• surrounding the mausoleum complex are red sandstone walls that offer some much-needed shadow!
  • the wikipedia article on the Taj Mahal offers even more ideas of places to see
women wearing colorful saris in front of the Taj Mahal Canon EOS REBEL T2i 28 mm 1/250 seconds F 7.10 ISO100

visiting the Taj Mahal

The entry price is 2-tiered (like most places in India) and when I visited foreigners had to pay 750 rupees (about 10 euros). The price fortunately also includes a tour guide, which was pretty nice. It is important to really take your time when photographing as the guides prefer to rush things a bit. The Taj Mahal is open from 6am to around 7pm, and if possible try to visit in the early morning. The Taj Mahal can become pretty crowded and long queues form at the security check. As the Taj is also a place of worship normal rules for dress code have to be observed. I still had Holi paint on my face and hair and I had to really clean up.

It is also possible to visit the Taj Mahal at night, for 5 nights in total before and after the full moon. However the night-time visits have to be arranged a few days before. There are restricted numbers of tourists allowed. Unfortunately I was not able to make a reservation, but when I will next visit India this is must-have experience!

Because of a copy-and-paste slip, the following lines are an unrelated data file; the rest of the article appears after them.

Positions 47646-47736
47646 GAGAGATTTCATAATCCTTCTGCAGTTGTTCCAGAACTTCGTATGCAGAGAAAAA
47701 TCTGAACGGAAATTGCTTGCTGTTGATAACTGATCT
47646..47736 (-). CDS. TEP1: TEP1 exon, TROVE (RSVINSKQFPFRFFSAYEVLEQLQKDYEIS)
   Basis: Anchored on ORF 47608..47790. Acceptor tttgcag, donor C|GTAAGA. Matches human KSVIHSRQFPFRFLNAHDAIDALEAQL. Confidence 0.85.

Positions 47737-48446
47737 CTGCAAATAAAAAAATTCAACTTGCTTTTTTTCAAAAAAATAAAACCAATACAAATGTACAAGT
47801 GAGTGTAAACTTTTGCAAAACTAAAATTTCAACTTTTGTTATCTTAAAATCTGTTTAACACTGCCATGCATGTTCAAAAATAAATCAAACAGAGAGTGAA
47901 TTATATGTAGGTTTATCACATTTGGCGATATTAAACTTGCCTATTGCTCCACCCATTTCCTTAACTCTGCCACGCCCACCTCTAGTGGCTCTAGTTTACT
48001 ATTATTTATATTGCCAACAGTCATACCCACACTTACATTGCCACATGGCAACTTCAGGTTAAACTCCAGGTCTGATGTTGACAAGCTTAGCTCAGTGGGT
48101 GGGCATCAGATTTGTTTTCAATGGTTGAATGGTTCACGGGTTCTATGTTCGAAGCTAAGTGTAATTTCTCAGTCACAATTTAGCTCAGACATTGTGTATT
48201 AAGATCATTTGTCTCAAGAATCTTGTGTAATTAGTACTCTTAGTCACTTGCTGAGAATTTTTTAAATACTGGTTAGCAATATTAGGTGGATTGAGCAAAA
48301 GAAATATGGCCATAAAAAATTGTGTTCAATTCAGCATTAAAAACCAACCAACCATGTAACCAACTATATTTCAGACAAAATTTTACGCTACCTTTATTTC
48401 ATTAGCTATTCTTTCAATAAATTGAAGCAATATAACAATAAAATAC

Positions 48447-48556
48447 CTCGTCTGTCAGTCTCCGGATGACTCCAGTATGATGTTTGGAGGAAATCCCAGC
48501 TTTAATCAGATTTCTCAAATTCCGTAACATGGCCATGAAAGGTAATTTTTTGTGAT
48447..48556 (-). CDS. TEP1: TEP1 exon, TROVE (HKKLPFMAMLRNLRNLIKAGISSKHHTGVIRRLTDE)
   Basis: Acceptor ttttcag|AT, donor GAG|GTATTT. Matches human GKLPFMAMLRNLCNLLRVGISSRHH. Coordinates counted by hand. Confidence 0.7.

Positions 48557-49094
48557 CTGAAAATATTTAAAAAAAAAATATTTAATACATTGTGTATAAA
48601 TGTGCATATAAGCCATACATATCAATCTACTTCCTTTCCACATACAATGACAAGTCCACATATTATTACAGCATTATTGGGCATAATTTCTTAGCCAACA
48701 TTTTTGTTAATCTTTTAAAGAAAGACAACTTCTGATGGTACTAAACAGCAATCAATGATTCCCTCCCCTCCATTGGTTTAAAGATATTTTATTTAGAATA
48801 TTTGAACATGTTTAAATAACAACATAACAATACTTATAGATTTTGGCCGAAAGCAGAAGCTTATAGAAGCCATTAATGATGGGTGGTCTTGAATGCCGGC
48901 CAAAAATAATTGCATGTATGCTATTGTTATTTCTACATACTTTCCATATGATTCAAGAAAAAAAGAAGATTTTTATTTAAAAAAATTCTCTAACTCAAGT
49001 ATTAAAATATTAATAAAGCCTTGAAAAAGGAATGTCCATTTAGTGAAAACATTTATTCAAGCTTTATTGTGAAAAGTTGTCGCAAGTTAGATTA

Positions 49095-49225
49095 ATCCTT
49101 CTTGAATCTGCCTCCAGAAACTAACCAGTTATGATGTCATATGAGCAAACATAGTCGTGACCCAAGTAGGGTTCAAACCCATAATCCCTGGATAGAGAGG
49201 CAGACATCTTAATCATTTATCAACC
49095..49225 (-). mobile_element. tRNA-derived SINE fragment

the green of the Mughal gardens create a beautiful contrast with the white marble of the Taj Mahal Canon EOS REBEL T2i 17 mm 1/250 seconds F 7.10 ISO100

short Taj Mahal history

The mausoleum complex was built in the 17th Century, between 1631 and 1648. The marble mausoleum, with the four minarets were completed first and the surrounding garden and sandstone walls later. Countless workers were involved in the building. Some 1000 elephants were used to carry materials from all over India. The quantity of marble used is amazing.

The Taj Mahal is a monument in the honor of Mumtaz Mahal built by Shah Jahan, and their tombs are located in the central white marble dome. Surrounding the mausoleum are also smaller tombs of Shah Jahan wives and some of their servants.

The four minarets were an innovation in Mughal architecture, and they give the Taj Mahal a sense of symmetry. They also serve as spatial references and of course are work of art in their own way.

The Taj Mahal is under threat from pollution and the ground drying. The white marble has received a yellow-ish cast, but fortunately there are very strict regulations about pollution in the surrounding areas. However, like all exposed monuments the Taj Mahal is slowly degrading.

the Taj Mahal and its reflection Canon EOS REBEL T2i 17 mm 1/250 seconds F 8.00 ISO100

I hope these photos and info were helpful. Some famous “must-see”travel attractions are over-hyped, the Taj Mahal is not to be missed.

view of the Taj Mahal from the main gateway - Canon T2i
tourists on their way to visit the Taj - Canon EOS T2i
Taj Mahal reflected in the pool in-front - Canon T2i
women in colorful saris at the Taj
black& white rendition of the Taj Mahal and the gardens
mandatory tourist photo in front of the Taj Mahal - Canon T2i